Men who can’t cry are the most fragile men I’ve ever known. Whereas depressed men often are sitting on grief, I find that depressed women are sitting on anger. Anger they can’t or won’t “own.” A woman’s rejection of anger often is argued as “I don’t want to hurt people,” or “It’s not a loving way to treat people.” These women are afraid of hurting, that is, not being loving to the people with whom they are angry. But I’m here to tell you the exact opposite is true. An angry woman who does not yet know she is angry must hurt you. Grief and anger are the names of two crucial intimacies. Until we are willing to be intimate with those emotions in ourselves, we will always be impeded in our ability to be intimate with others. — Steven Kalas

 

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Men are just as likely to be depressed as women, as study has found, but their symptoms may be disparate.

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http://www.reviewjournal.com/steven-kalas/grief-anger-cause-no-end-trouble

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http://life.nationalpost.com/2013/08/29/men-just-as-likely-to-suffer-from-depression-as-women-they-just-show-it-differently-study-finds/

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http://www.latimes.com/science/la-sci-depression-men-20130829,0,2605342.story

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Men as likely to suffer from depression as women – they just show it differently, study finds

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Our findings showed that men are willing to endorse the alternative depression symptoms, leading to the elimination of sex differences in the prevalence of depression.

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The findings help unravel a mystery for mental health authorities:   If men are so much less likely than women to be depressed, why are men four times more likely to commit suicide?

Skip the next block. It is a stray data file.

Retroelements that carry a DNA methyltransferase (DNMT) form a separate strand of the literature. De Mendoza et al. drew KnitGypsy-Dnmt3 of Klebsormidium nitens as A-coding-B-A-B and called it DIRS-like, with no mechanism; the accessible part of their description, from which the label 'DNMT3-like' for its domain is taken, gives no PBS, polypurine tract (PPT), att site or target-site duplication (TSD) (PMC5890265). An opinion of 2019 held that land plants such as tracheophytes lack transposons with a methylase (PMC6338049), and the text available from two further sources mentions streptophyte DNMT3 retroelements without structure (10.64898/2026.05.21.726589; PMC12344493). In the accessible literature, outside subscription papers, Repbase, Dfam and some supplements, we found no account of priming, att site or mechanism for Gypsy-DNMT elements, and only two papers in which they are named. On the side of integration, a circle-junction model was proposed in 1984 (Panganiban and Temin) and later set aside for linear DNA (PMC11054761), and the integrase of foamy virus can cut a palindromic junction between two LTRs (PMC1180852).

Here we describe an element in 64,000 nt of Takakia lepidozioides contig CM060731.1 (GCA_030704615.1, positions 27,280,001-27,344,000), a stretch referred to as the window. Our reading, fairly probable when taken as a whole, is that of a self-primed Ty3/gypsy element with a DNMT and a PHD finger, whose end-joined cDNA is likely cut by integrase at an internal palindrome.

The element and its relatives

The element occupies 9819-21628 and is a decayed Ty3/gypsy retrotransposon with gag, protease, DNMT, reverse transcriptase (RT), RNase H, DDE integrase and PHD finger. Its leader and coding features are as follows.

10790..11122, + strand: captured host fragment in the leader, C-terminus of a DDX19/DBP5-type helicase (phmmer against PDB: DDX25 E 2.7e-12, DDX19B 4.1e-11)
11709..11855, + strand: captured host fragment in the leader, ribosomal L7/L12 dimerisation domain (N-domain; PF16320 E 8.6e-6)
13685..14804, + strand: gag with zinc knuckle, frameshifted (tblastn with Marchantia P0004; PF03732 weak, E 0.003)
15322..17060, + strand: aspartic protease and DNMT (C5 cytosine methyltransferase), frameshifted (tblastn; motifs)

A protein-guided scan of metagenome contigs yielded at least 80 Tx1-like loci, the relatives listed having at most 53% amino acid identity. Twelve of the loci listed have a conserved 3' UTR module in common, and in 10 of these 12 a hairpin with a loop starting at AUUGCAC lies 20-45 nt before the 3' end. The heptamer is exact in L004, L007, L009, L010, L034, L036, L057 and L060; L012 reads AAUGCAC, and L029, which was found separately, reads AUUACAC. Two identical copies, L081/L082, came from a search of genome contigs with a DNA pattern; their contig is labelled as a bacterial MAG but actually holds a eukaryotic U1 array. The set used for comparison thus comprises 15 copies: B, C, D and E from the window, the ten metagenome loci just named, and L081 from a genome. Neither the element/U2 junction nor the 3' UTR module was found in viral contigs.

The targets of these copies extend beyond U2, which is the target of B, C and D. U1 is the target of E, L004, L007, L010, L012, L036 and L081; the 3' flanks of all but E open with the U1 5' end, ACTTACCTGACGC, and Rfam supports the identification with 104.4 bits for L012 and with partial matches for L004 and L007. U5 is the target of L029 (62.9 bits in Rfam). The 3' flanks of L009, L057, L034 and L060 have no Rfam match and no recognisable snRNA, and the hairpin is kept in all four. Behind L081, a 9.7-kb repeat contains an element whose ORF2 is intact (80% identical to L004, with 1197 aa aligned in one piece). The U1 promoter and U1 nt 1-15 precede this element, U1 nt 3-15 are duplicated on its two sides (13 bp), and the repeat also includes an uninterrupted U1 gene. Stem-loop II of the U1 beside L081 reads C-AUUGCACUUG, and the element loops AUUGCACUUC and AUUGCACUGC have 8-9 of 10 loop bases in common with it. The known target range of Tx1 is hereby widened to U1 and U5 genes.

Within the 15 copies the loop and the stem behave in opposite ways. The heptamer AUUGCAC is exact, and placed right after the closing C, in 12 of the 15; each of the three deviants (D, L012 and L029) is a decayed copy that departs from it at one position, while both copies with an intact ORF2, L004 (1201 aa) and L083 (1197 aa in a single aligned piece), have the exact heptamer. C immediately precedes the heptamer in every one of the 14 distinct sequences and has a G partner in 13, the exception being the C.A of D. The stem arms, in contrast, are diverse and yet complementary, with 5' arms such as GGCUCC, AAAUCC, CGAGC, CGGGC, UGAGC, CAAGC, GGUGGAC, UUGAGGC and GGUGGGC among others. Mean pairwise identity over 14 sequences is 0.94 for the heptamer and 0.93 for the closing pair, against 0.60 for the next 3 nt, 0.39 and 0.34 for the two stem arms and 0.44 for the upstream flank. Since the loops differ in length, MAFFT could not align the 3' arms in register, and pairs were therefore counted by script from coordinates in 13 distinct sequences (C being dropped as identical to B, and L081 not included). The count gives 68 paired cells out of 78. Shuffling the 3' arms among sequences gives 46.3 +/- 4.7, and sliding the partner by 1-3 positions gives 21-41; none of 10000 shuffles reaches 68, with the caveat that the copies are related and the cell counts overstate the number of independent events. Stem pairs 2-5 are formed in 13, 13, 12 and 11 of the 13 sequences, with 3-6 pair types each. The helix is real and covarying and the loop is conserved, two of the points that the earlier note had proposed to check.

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The first scale tested common symptoms used to diagnose depression, such as feeling sadness and/or guilt or worthlessness, reduced interest in once enjoyable activities, and insomnia. The second scale tested symptoms such as aggression, irritability, anger, taking risks, hyperactivity, and substance abuse — symptoms that are now thought to be more typically how men exhibit depression.

The results for the first, gender-neutral scale showed that 30.6% of male respondents and 33.3% of female respondents had been depressed at least one time in their life, while 26.3% of male and 21.9% of female participants answered the same for the second scale that included the new symptoms. Since the second scale showed a larger disparity between men and women, this proved to the researchers that men are just as likely as women to suffer from depression – but that signals of the condition might be different.

“These results suggest that relying only on men’s disclosure of traditional symptoms could lead to an underdiagnosis of depression in men and that clinicians should consider other clues when assessing depression in men,” the study’s lead authors wrote.

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The second scale with the new symptoms was based on the Gotland Male Depression Scale, first conceived of in Sweden for research on suicide, and tested on a sample of a group of men who had substance abuse problems.

This study is significant as women are twice as likely than men to be diagnosed with depression. It shows that while both genders experience depression, the symptoms of the condition can be gender-specific. The study’s authors did note, however, that women can and do experience the symptoms such as anger and irritability that are now thought to be markers of depression in men.

“Ultimately, the results of this work have the potential to bring significant advances to the field in terms of the perception and measurement of depression,” the study’s authors concluded. “These findings could lead to important changes in the way depression is conceptualized and measured. Our findings showed that men are willing to endorse the alternative depression symptoms, leading to the elimination of sex differences in the prevalence of depression.”

 

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6 Responses to Men who can’t cry are the most fragile men I’ve ever known. Whereas depressed men often are sitting on grief, I find that depressed women are sitting on anger. Anger they can’t or won’t “own.” A woman’s rejection of anger often is argued as “I don’t want to hurt people,” or “It’s not a loving way to treat people.” These women are afraid of hurting, that is, not being loving to the people with whom they are angry. But I’m here to tell you the exact opposite is true. An angry woman who does not yet know she is angry must hurt you. Grief and anger are the names of two crucial intimacies. Until we are willing to be intimate with those emotions in ourselves, we will always be impeded in our ability to be intimate with others. — Steven Kalas

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